Alternate Title: Kawaita hana
Instead of dysfunctional suburban American parents tearing James Dean's Rebel apart in Nicholas Ray’s 1955 classic, the existential ennui of life during (Cold) wartime experienced by our detached antihero Muraki is tearing Ryô Ikebe’s Yakuza Without a Cause apart in Masahiro Shinoda’s allegorical Film Noir tinged, nihilistic ‘64 entry into the Japanese New Wave.
Character rather than crime driven, as Shinoda’s Flower opens, Muraki muses that “Someone died but nothing’s changed,” which explains why after three years spent on the inside for taking that life, he returns to the scene of the crime in the form of his old stomping ground on the mean streets of Tokyo.
More interested in getting by than even, once he’s arrived, Muraki discovers that his gang has now aligned themselves with the rival crew to which the “nameless, faceless beast” he’d put down the last time he was outside belonged.
At roughly the same time that he begins to lose himself in an underworld gambling den, the middle-aged Muraki loses his heart to the young beautiful stranger Saeko (Mariko Kaga) – wordlessly breaking the ice while breaking the bank – breaking her losing streak by creating one of his own.
A pair of beautiful losers whose personalities mirror each other like two tiles in a high stakes match game – even if together we suspect they’d always form a losing hand – Muraki and Saeko’s passion for thrill-seeking is only surpassed by their passion for raising the stakes of risk-taking to combat their likeminded belief that everything is pointless.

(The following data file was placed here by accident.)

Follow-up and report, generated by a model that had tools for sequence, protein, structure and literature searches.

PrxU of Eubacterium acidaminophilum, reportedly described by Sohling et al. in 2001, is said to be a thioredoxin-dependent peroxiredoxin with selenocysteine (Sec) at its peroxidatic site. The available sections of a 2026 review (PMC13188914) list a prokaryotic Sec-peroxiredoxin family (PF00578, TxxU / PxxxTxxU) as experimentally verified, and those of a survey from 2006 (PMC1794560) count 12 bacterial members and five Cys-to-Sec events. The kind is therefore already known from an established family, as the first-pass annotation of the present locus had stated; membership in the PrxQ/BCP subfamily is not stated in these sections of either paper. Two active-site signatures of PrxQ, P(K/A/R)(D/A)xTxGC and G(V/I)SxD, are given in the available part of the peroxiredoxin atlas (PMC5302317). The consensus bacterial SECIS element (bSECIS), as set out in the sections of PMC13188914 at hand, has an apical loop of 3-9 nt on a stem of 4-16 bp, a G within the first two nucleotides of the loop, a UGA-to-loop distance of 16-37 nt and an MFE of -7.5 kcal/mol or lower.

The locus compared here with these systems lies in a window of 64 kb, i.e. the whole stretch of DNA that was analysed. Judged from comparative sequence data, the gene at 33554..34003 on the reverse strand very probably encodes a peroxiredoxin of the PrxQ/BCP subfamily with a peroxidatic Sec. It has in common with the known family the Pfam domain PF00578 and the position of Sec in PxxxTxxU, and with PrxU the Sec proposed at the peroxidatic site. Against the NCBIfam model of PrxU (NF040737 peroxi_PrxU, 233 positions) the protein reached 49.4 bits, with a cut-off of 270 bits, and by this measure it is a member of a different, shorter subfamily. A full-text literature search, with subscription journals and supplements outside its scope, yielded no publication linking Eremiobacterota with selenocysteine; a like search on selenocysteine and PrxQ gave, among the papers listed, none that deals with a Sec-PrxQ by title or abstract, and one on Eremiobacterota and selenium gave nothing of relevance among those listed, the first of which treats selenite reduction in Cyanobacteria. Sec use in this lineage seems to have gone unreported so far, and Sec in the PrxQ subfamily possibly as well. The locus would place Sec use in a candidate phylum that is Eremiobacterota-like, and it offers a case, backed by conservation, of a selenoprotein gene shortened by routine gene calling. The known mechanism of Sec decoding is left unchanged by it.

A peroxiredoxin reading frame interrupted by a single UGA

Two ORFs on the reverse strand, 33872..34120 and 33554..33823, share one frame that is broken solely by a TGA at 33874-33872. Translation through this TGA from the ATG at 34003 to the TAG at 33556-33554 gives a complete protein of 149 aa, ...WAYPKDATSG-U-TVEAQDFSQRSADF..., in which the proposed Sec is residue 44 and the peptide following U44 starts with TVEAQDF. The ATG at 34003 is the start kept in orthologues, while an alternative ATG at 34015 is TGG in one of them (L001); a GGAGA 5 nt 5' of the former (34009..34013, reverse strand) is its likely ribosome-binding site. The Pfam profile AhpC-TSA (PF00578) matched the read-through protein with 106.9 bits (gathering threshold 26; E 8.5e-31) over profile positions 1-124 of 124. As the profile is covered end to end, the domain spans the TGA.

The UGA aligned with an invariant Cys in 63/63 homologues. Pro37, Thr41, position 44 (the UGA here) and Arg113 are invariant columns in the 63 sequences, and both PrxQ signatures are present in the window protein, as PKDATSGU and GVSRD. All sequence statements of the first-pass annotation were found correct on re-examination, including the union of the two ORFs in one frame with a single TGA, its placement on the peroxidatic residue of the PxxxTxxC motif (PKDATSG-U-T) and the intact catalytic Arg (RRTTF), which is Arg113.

And even for those of us that don’t speak Japanese and only later realize that Pale Flower or Kawaita hana more accurately translates to “dry” or “withered” flower than its lovelier American title, Shinoda tells us everything we need to know when the film’s title sequence kicks in as Muraki focuses on her face.
With the Shinoda described “utterly irrational love story” dominating what many perceived would be a Japanese Noir inspired crime film a la Akira Kurosawa’s High and Low, which was released that very year – complete with the utilization of a certain Elvis Presley tune in common – Pale Flower breaks with traditional yakuza genre filmmaking.